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53. Clear descriptions of, and agreement about, the tasks to be performed, clear understanding of what is to be assessed and clearly defined criteria for assessment all increase the objectivity of assessment. Yet objectivity is much easier to achieve in some areas than in others. It is easy to be objective, for example, when the simple recall of information or the performance of a simple skill is required. If that information needs to be interpreted or the skill needs to be carried out with attention to aesthetic or social considerations, the judgement may become more subjective because personal opinions and values become involved. For example, a pupil may produce an artefact which works as intended but its quality may also have to be judged in the context in which it is used. Its use in a family living room may require that it should be small and inconspicuous; in a workshop that it should be very conspicuous so as not to constitute a safety hazard; as a commodity for sale that it should have some aesthetic or psychological appeal to a customer and be within a particular price range; by infirm people that it should be easy to operate. It is immediately apparent that some of these requirements cannot be judged objectively without further refinement because there is room for individual interpretation of words such as 'small' or 'conspicuous' and for a wide variety of opinion as to what will appeal to a customer. In such cases it is necessary that opinions and values are openly considered by pupils, who should be given opportunities to develop their point of view so that a more general agreement about the criteria to be applied in assessing the work may be reached.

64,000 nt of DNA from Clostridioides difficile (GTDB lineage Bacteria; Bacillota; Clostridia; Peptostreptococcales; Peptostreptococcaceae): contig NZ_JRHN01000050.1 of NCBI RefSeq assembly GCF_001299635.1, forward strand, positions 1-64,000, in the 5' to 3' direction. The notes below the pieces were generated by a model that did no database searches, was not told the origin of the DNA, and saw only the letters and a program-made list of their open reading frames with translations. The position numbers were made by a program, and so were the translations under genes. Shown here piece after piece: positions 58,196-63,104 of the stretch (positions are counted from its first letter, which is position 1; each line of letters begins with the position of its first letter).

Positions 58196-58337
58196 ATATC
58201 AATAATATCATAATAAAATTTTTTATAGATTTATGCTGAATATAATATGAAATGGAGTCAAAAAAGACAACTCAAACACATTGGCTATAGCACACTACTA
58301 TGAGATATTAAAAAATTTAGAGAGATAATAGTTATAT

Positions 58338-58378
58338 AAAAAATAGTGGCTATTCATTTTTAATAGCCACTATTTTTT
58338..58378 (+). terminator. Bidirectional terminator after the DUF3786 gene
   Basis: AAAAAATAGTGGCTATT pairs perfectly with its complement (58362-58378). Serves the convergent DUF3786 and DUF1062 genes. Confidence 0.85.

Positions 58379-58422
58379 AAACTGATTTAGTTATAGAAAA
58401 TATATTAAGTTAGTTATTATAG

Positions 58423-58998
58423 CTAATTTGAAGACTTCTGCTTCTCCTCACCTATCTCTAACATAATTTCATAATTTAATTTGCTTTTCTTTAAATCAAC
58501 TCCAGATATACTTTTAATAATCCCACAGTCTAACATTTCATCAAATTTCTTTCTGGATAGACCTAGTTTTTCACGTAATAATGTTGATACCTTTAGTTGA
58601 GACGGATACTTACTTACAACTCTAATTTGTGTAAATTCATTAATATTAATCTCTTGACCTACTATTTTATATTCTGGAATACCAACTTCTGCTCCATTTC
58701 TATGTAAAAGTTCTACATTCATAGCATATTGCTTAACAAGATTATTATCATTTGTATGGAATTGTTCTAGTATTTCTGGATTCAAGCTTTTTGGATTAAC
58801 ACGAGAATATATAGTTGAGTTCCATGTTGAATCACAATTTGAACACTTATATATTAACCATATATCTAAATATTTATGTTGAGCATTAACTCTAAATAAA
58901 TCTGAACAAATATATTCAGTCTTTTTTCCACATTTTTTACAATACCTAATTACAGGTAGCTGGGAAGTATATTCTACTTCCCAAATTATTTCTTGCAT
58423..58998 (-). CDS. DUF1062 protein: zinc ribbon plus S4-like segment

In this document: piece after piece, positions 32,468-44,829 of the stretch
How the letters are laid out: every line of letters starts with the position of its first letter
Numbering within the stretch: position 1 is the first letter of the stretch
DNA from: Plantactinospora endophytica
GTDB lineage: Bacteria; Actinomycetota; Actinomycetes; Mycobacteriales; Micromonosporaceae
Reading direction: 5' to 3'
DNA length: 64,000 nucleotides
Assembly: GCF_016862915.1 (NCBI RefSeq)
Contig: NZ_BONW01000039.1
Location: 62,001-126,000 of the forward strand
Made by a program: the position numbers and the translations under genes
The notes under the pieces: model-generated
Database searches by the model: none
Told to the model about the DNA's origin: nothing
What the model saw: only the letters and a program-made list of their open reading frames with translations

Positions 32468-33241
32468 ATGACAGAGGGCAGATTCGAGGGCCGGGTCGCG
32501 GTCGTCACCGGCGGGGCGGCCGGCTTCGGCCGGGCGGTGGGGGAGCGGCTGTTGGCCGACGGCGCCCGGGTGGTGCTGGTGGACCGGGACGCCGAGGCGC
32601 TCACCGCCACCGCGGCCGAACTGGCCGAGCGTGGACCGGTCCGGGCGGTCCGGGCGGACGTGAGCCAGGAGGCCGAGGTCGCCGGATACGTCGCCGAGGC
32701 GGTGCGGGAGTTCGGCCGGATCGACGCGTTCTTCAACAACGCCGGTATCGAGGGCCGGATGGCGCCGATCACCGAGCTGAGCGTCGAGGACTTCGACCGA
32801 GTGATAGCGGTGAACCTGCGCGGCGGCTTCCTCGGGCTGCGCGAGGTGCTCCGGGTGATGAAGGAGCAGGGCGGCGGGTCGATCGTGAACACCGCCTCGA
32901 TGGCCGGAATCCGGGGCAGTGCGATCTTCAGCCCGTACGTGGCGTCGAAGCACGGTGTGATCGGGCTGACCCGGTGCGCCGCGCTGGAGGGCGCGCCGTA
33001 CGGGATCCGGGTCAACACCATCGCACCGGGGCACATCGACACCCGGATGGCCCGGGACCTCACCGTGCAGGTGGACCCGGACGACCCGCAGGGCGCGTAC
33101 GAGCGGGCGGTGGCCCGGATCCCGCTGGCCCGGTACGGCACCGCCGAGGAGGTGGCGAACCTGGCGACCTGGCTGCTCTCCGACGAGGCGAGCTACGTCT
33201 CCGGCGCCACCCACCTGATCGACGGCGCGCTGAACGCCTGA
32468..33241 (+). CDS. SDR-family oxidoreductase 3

54. The need for assessment applies to all ages and is not necessarily a sophisticated process suitable only for older pupils. For example, infants can have their work assessed by adults who can appreciate their particular views of, for example, colour and form, and who can allow that these young children may have entirely legitimate preferences.

55. The assessment of personal attributes and qualities is more difficult and controversial. Yet it is undeniable that pupils demonstrate a range of personal attributes which affect the way they work and results they achieve. Teachers need to take note of these if only for the important reason that work can be planned which exploits those individual capacities beneficially. In reaching an assessment teachers need to take into account pupils' views both of what they are being asked to do and of their own performance as individuals and members of a team.


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56. CDT offers many opportunities for pupils to work in groups. It allows an individual to work at some special aspect of the task, as well as individuals to come together at times to perform a task (which could be as simple as moving a heavy object or as complicated as revising the whole plan of work), and the group as a whole to produce an end result. In reaching an assessment teachers should take into account pupils' performance as individuals and as members of a team.

57. Assessments need to be recorded in ways which produce actual benefits. First, they should include clear statements about what a pupil can do and to what degree. Second, they should not go into the kind of excessive detail which makes their maintenance more important than teaching. Third, they must be useful in helping teachers to plan work for individuals; for example a percentage mark representing overall achievement in CDT is of no practical significance; however, a statement that a pupil needs special help to develop further his ability to handle particular tools or has a flair for a specific aspect of design can be used as part of the teacher's planning.